Archive for the ‘running technique’ Tag

To improve your running form, first address your everyday posture

Many people come to me and say things like, “I have tight quads,” or shortened hamstrings or a tight piriformis. Then they ask what they should do to correct it. They often expect me to show them a stretch or a compensatory strengthening exercise and are often surprised at my response.

Rather than addressing the isolated muscle, it is important to follow with another question: “Why?” Why is the muscle tight, what is the source of the tightness? People are not generally born with one muscle or muscle group atypically tight, rather, it is likely that the way that they are moving is contributing to the tightness. The true origin often has little or even nothing to do with their running, though it likely affects their runs.

For example, if a person sits most of the day in a slumped posture, their hamstring muscles may become tight. Then, when they go out for their weekend run, the tight hamstrings have an effect on their running form. Further, if they attempt to run with proper form, they may be unable to because of the tight hamstrings.

This is why teaching participants how to balance their postures when they stand, sit, walk, move – even sleep – is a part of every Long May U Run clinic. The body that we run in is the same body we live in when not running. And what we do when we’re not running must affect our runs.

So, the next time you hear someone saying something like, “Running injuries are due to the prevalence of tight iliopsoas muscles,” remember to ask the follow-up question – “Why?” Why do so many people have tight iliopsoas muscles? The answer to the second question leads to the solution that will help your running. Chances are that the source is a daily posture that is out of balance.

Then, learn to balance your posture in your daily activities and to run with balanced running form so that you can enjoy a lifetime of running.

And please continue to stop by the Long May U Run website and Facebook page for continued information on running form and future events.

Runners: Don’t hurt the ground!

I’ve been fine-tuning my running form lately. As a yankee who lives in the deep south, summer is my off-season, a time to cut mileage, build strength and fine-tune my form. Each time I go out for a run, I’m focusing on one particular aspect of form. It’s not a well-planned thing, it just seems to come to me when I step out the door.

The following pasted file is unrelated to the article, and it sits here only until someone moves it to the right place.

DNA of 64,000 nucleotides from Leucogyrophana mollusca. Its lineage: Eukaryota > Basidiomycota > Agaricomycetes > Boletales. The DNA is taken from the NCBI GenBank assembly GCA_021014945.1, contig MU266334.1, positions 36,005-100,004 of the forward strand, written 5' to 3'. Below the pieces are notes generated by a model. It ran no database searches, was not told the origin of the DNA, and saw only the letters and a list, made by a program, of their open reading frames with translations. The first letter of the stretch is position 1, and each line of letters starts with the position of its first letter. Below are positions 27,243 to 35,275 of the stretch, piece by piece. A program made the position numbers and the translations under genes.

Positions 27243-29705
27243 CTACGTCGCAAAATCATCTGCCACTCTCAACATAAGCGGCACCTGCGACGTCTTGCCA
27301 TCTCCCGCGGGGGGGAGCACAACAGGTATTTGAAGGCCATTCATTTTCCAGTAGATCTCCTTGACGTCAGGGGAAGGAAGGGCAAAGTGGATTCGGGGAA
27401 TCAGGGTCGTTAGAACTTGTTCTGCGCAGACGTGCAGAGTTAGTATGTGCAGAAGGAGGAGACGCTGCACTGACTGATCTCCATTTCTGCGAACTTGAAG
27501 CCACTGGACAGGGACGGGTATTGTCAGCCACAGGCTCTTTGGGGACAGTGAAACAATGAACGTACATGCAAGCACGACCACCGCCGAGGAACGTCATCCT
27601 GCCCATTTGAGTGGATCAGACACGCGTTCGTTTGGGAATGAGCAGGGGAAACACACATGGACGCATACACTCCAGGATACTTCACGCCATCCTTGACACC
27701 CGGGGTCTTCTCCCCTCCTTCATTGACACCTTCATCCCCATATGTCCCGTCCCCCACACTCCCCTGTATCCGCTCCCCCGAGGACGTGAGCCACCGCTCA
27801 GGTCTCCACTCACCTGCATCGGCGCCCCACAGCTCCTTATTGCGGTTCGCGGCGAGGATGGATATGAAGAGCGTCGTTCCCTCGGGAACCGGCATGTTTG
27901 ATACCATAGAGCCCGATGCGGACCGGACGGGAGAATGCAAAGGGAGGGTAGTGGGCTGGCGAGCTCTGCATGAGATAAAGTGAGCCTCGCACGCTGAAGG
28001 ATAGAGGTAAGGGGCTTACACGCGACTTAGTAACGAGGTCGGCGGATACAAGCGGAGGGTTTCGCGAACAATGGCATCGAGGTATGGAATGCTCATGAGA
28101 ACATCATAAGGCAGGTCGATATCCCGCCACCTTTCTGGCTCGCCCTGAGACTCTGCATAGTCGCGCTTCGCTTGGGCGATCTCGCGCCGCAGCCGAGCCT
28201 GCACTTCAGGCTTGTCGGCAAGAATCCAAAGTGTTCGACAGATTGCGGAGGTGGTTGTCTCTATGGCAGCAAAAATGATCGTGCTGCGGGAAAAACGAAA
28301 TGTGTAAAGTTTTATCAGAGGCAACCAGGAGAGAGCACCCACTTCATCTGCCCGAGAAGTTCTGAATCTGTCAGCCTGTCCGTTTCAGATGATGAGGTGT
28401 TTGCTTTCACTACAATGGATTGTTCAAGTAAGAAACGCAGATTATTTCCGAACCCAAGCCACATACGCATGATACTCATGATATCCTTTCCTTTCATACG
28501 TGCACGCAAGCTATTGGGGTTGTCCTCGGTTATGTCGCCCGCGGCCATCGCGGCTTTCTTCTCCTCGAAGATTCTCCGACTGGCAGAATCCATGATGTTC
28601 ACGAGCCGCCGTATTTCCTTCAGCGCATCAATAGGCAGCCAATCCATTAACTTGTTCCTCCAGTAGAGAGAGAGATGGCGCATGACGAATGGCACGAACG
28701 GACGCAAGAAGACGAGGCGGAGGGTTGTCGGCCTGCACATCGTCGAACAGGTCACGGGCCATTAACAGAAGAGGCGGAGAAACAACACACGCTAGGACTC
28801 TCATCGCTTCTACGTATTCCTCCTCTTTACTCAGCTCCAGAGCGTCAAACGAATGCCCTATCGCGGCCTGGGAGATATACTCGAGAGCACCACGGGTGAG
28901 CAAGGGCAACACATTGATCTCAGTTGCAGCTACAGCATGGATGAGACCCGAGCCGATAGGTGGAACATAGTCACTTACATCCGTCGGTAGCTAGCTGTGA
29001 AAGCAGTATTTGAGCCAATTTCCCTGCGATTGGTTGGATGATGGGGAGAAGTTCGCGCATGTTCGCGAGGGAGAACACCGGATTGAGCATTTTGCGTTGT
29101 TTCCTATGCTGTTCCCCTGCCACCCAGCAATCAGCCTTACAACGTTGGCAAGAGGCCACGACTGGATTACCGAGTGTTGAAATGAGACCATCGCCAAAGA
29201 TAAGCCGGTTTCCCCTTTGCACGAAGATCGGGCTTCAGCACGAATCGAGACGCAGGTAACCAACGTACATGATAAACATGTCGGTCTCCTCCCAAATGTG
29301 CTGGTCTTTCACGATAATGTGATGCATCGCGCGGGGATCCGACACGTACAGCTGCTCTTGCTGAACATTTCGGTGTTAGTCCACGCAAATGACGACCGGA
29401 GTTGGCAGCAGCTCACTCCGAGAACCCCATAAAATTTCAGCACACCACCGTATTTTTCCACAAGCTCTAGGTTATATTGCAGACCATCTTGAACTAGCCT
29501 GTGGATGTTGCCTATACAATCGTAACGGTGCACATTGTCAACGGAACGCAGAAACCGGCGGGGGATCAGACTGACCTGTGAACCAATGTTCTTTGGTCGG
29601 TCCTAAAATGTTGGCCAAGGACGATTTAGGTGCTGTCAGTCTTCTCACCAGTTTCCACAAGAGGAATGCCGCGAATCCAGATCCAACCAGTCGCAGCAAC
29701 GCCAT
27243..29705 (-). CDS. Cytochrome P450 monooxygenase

I’ve recently been working on my landing (I’d noticed that my left foot was landing too flat) and lifting my legs with both my hip flexors and my heel (I’ll describe this better in another post) and have been pleased with my progress. But I like to get to the point where I have some general image in my mind rather than a strictly mechanical, this-body-part-does-this approach. Continue reading

Running Form Quick Checklist

It’s so beautiful outside, it would be a shame to not run. So, I took a short break right in the middle of my day today and went for a quick run. And I’m so glad that I did.

I’ve been inconsistent lately, and wanted to make sure that no form problems crept in, so I went through a quick mental checklist as I ran. It goes something like this…

  • Am I relaxed? Are there any areas of tension? Any muscles contracting that are not needed to perform the essential task of running?
  • Am I lifting my legs (good) or pushing off and breaking (not good)?
  • Are my abdominals relaxed and my spine elongated?
  • What is my footfall like? Full-foot? Are my steps swift and light, or do I land hard?
  • Am I enjoying the run?

With these basic checks on my form and some new music on my iPod, I had a great run and got back up to my desired mid-week distance.

Runners: Focus on form first, then repetition, then speed

Chat with runners for any length of time and the topic often jumps to speed. What is your PR? What was your time on your last 5K? What time are you shooting for in your next race?

While time is an important and engaging part of running, if you work on speed before laying a solid foundation, you will be more likely to be out of the game with pain or injury.

Instead, build a healthy, balanced form, then add repetition (run with good form for awhile), and then once comfortable with your form over a period of time, address speed. It’s as simple as this: if you add speed to poor form, you will have pain, then injury. Just ask the 80% of runners who are sidelined each year.

And if you run with good, balanced form, you can run for life.

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